1. There were circumstances that exist(ed) which suggests that the Judge was biased
  2. Those circumstances would lead a fair-minded and informed observer to conclude that there was a real possibility that the tribunal was biased

The circumstances alluded to in the above test are, generally, five-fold:

  1. A personal friendship or animosity between the judge and any member of the public involved in the case;
  2. The judge is closely acquainted with any member of the public involved in the case, particularly if the credibility of that individual could be significant in the outcome of the case
  3. The judge has previously in a case rejected evidence of a person in such outspoken terms as to throw doubt on his ability to approach that person’s evidence with a fair mind
  4. The judge has expressed views, particularly in the course of a hearing, in such extreme and unbalanced terms as to throw doubt on their ability to try the issue with an objective judicial mind; and/or
  5. There are real grounds for doubting the ability of the Judge to ignore extraneous considerations, prejudice and predilections and bring an objective judgment to bear on the issues

Issues such as the judge’s nationality, ethnicity, social background, educational background, employment background and previous political associations (among others) will normally be insufficient grounds for proving a real possibility of bias.

When should you make a complaint of bias?

An application for appeal on the ground of bias can be made at any stage in the proceedings, including during hearings.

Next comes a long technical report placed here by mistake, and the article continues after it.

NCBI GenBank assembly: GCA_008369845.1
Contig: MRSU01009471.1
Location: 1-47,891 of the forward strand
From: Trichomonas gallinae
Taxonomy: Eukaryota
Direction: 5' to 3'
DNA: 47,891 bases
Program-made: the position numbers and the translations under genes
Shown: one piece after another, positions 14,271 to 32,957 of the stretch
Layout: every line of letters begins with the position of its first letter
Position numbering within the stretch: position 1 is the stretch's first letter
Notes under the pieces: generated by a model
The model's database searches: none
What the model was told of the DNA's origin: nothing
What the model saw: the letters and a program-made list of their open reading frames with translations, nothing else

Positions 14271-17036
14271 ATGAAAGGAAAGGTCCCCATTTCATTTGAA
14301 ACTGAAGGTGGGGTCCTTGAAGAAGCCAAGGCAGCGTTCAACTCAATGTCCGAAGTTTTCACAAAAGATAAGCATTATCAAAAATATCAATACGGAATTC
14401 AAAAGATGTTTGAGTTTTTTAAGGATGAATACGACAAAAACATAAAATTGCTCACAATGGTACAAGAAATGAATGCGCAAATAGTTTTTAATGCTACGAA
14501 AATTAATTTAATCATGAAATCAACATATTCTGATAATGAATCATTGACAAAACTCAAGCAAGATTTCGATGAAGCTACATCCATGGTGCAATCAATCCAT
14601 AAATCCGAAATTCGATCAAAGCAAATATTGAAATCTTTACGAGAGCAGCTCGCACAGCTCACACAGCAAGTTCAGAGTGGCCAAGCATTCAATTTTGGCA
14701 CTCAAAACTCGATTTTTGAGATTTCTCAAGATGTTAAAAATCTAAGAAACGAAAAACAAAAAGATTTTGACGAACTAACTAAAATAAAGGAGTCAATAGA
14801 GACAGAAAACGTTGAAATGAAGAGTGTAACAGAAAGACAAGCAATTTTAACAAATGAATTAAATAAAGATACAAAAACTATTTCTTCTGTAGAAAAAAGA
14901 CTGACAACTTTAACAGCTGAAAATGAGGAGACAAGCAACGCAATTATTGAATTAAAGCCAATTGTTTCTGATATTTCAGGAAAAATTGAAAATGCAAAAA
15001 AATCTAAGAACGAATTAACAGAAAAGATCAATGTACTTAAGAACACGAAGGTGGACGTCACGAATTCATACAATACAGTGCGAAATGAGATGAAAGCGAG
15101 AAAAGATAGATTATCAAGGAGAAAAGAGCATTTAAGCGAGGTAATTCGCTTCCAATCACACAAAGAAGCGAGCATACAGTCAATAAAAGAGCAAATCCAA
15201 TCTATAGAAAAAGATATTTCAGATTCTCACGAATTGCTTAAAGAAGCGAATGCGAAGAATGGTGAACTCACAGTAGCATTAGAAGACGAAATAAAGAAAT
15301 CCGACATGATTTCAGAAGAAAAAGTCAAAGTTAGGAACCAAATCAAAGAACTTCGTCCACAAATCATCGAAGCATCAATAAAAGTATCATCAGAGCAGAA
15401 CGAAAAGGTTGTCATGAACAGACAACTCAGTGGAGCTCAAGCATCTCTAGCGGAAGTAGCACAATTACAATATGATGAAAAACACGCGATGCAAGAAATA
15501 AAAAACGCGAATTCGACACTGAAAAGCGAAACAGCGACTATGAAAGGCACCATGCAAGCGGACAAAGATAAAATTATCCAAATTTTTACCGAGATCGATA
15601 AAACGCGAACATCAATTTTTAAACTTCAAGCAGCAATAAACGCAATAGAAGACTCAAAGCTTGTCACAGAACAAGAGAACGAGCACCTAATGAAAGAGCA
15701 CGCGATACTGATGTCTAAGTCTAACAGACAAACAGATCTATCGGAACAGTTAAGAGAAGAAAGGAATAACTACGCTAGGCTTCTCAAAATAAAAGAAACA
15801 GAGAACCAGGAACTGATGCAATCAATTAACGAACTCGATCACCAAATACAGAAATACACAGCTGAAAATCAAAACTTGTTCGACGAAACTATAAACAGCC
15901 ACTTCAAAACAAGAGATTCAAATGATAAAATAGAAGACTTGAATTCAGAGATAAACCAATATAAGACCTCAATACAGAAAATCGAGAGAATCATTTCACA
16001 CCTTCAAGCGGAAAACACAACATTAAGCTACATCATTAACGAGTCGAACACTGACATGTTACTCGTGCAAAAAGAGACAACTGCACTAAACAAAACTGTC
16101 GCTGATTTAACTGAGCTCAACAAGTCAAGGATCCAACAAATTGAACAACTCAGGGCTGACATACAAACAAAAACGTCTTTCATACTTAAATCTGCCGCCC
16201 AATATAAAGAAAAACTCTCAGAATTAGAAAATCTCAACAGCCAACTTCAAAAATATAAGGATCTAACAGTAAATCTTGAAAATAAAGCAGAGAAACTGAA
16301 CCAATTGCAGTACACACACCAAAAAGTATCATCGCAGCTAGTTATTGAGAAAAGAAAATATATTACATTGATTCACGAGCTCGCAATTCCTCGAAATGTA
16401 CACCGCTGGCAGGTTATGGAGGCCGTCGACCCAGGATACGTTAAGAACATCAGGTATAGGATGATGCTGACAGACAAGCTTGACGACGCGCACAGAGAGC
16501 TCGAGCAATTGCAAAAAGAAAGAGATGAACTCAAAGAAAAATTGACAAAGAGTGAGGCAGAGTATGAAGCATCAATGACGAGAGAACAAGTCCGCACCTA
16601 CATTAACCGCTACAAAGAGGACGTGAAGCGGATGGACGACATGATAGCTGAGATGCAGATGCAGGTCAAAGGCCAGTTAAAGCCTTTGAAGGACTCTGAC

Is it a good idea to base your appeal on the grounds of bias?

You would need every convincing evidence of a real possibility of bias (or of a Judge’s interest in the outcome of a case) to justify submitting an appeal on the ground of bias. The judges in the Employment Appeal Tribunal, quite understandably, treat such allegations extremely seriously and making an unfounded allegation may seriously affect the potential of your case to be upheld on appeal. It’s generally better to appeal on grounds other than bias – for example perversity or a failure to adequately explain a decision.

How do you appeal to the Employment Appeal Tribunal?

You must submit a notice of appeal to the Employment Appeal Tribunal within 42 days of the date when the written reasons for the decision are sent to the parties. You should also send a skeleton argument of the Appeal at the same time as submitting the notice.

About Chris Hadrill

Chris is a specialist employment lawyer at Redmans. He specialises in contentious and non-contentious employment matters, including breach of contract claims, compromise agreements and Employment Tribunal cases. He writes on employment law matters on a variety of websites, including Direct 2 Lawyers, Lawontheweb.co.uk, LegalVoice, the Justice Gap and his own blog. Contact Chris by emailing him at chadrill@redmans.co.uk